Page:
7. Check the Air in Your Tires Regularly

Tires that aren't inflated to the proper PSI will decrease your car's gas mileage and cost you more fuel, especially during the warm summer months. Use a tire gauge and make sure that the PSI in each tire is close to whatever is recommended for your vehicle.

8. Contribute a Little More to Your 401(k)

Most employers will match your contribution up to a certain percentage. If you want an easy way to save for retirement without having to think about it, up the amount that gets taken out of your paycheck for your 401(k) so it's safely put away and invested before you even see it.

9. Drink More Water

Water is by far the cheapest and most readily available drink that we have (so long as you're not committing the ultimate money wasting crime of buying bottled water, of course), and also the healthiest. An easy way to save money is to opt for water at home and when you're going out to eat as opposed to the far more expensive soft drinks, juices, coffee, and alcoholic beverages. I drink water all day long, and compared to my husband who buys several drinks a day while he's working, I'd venture to guess I'm saving about $35 per week by avoiding anything but good ol' H2O.

10. Fill Out a Budget Sheet

There are a lot of great budget sheets online, like the Quick-Start budget forms offered by Dave Ramsey. They can be downloaded as PDFs, printed, and filled out, allowing you to conveniently plan how much money you have going out and where it will end up. If you stick to your budget, all of your bills are accounted for and paid, and you know exactly how much discretionary income you have to spend — and save.

Patience and Simplicity

If you're patient and methodical about saving money, the best ways to do so are often incredibly simple and low-stress. So don't over-complicate the process. Start with the easier methods and work your way up as you get into the habit of budgeting and putting money aside. You'll feel better about your finances knowing that it's easy to meet your savings goals, set up an emergency fund and increase cash flow.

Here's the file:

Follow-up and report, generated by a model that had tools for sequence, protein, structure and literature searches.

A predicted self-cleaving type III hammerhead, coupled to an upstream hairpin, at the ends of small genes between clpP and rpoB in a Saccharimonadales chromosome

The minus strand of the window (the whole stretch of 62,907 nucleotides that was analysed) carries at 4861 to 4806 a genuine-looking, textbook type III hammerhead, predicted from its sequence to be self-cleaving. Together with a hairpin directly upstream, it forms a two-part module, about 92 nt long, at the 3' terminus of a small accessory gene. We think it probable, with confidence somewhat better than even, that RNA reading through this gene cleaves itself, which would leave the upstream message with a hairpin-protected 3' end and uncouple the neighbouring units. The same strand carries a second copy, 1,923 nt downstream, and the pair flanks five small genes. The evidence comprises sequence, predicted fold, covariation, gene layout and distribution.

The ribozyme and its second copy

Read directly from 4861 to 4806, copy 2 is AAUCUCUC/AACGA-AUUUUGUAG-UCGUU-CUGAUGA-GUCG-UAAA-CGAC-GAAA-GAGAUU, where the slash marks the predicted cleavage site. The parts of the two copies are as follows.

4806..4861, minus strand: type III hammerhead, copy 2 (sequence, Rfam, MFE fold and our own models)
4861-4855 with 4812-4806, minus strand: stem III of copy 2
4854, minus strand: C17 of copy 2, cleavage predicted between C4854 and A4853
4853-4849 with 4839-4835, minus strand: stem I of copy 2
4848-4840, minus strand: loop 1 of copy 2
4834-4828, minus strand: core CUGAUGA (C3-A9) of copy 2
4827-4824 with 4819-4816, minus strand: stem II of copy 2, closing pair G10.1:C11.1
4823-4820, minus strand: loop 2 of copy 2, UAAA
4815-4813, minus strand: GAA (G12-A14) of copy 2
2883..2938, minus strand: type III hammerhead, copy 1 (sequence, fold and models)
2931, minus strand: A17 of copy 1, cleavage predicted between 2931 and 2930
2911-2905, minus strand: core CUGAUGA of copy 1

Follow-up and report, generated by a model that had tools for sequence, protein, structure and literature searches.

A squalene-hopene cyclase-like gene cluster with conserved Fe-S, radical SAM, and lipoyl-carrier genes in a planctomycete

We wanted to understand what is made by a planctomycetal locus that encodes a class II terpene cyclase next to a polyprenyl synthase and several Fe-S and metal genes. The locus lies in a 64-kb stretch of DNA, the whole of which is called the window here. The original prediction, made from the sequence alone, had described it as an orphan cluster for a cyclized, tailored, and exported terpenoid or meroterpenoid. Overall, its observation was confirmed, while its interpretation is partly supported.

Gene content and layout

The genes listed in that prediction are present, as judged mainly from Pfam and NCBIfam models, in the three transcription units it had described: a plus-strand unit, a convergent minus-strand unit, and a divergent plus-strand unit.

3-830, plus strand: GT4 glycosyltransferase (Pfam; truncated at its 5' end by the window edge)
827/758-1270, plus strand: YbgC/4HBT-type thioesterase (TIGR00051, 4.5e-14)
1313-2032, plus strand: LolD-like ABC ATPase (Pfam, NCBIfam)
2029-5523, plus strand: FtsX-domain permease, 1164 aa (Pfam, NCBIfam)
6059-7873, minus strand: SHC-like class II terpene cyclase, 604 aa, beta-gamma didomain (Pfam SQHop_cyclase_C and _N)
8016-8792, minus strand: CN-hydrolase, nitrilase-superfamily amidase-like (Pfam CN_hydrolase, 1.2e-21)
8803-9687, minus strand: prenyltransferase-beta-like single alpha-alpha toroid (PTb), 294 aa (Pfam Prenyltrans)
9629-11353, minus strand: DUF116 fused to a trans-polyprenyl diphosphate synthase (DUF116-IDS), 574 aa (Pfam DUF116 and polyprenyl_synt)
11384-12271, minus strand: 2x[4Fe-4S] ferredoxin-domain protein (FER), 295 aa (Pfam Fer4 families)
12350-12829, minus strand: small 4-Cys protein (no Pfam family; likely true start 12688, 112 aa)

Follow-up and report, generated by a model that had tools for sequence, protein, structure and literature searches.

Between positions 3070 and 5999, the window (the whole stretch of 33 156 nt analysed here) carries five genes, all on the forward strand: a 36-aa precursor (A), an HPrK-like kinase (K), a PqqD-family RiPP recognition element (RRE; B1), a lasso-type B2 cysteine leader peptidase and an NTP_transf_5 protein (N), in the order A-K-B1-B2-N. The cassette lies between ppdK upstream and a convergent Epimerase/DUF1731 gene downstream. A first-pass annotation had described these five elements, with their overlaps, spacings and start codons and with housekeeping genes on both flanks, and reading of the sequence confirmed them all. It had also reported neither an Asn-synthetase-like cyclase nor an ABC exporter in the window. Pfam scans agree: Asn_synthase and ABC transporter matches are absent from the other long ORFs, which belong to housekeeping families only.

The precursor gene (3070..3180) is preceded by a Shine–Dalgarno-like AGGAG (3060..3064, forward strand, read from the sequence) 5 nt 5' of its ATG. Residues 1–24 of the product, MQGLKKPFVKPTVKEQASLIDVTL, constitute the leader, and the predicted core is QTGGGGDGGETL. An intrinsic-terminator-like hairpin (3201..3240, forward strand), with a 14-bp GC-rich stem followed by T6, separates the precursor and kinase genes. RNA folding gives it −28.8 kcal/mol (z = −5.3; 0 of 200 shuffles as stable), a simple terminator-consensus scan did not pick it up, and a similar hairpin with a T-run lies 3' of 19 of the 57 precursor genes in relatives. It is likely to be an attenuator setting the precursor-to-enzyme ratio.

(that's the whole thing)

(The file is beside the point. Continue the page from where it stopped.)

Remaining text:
Do you have more low-effort ways to save money? Let me know in the comments below.

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Guest's picture
aubrey l shults

I need a credit card to establish credit

Guest's picture
Olivia

Good ideas. Here are some we use.

Use cash instead of whipping out a credit card. We tend to be more conscious of the actual cost of something when paying in "real money".

This may seem silly, but it works. Dump all your change in a jar at the end of the day.

Guest's picture

Another easy one:

The library.

It's a big favorite at our house. Right now we're getting a kick out of watching Bewitched re-runs, DVD checked out for free.

Guest's picture

The best and easiest way we started to save money was to stop using a credit card and debit card. Now we are a "cash only" family. It makes everything so much easier and it doesn't involve going through transactions and balancing check books etc.